The following conclusions are excerpts from the report:

  • More and more grid operators are interested in applying industry best practices and examples of excellence as the starting point for deploying their own decision-support systems built specifically to address wind energy integration at the control center level.
  • Reaching the ambitious goal of 20 percent wind energy by 2030 in the U.S. will be difficult if existing decision-support tools in utility control centers do not evolve to meet the new challenges.
  • Grid operators worldwide are increasingly positive about integrating wind generation as they share best practices and learn about the successes of their peers.
  • Wind power forecasting is indispensible for successful wind integration.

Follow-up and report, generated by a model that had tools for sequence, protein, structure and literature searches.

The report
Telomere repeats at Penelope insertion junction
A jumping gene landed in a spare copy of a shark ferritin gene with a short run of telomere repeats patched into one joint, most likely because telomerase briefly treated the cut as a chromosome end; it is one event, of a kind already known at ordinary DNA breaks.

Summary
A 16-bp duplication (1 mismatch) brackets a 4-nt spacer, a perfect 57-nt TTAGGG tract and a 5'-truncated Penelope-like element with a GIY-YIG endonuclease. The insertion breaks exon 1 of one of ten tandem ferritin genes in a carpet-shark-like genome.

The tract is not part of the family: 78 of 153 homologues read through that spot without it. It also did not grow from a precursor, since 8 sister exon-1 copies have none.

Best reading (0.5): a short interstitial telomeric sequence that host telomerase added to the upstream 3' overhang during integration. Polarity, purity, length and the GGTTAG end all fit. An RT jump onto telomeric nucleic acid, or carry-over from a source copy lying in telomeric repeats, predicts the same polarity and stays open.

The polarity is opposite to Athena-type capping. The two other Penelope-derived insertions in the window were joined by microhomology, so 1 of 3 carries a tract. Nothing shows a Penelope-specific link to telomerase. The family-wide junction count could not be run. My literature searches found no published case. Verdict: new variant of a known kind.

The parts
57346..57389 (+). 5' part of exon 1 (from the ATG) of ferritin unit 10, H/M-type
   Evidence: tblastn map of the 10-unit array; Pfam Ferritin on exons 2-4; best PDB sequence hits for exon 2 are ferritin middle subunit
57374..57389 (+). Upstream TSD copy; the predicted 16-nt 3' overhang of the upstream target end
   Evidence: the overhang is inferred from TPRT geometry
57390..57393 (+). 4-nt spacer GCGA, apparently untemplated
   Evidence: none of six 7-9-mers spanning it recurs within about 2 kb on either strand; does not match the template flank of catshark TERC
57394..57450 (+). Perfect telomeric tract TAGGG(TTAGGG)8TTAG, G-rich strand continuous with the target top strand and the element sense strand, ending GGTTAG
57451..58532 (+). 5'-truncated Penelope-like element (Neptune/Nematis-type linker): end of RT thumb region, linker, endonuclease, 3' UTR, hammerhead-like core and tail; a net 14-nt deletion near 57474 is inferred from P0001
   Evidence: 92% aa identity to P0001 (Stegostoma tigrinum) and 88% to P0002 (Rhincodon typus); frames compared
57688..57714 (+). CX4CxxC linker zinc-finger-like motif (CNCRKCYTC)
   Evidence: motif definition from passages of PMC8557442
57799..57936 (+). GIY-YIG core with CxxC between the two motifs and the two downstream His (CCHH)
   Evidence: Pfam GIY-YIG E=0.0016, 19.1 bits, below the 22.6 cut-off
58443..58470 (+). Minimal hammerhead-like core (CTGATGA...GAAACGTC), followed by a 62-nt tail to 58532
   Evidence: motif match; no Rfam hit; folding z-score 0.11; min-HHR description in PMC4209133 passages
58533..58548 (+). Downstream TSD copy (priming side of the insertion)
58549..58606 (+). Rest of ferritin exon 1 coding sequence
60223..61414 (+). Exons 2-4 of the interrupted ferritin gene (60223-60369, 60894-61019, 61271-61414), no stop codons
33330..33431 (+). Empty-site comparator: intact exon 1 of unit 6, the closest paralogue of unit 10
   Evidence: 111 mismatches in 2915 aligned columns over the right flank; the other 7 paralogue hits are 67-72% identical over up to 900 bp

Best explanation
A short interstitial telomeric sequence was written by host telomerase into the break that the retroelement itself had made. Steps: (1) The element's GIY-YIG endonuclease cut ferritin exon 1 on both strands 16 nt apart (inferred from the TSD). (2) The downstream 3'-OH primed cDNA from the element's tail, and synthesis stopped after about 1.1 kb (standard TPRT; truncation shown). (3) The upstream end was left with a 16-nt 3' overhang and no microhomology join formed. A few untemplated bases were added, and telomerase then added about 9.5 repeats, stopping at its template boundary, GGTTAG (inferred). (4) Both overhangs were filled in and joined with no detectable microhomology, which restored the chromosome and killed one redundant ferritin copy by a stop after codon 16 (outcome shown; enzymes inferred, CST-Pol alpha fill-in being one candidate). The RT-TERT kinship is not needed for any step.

• Efficiently integrating wind energy in power systems requires that forecast and uncertainty information be incorporated into real-time decision-support systems and planning tools.
  • Higher levels of wind generation have shown to create uncommon system conditions and consequences that operators must learn to manage.
  • Efficient integration of wind energy requires grid operators to have access to a proper mix of flexible resources ranging on the supply side, delivery side and demand side.
  • Having skilled operators is necessary for wide-scale deployment and the integration of wind and other variable energy resources.
  • Achieving and maintaining the highest levels of situational awareness in control centers is, in general, of pivotal importance to grid operators and will be the case especially for systems characterized by high penetration of wind energy.
  • Integrating wind generation could require changes in the physical grid, as well as changes in operational business processes and information technology solutions at work in control centers.

An article on predictive operations by Dr. Jones will appear in the March/April issue. The report may be found at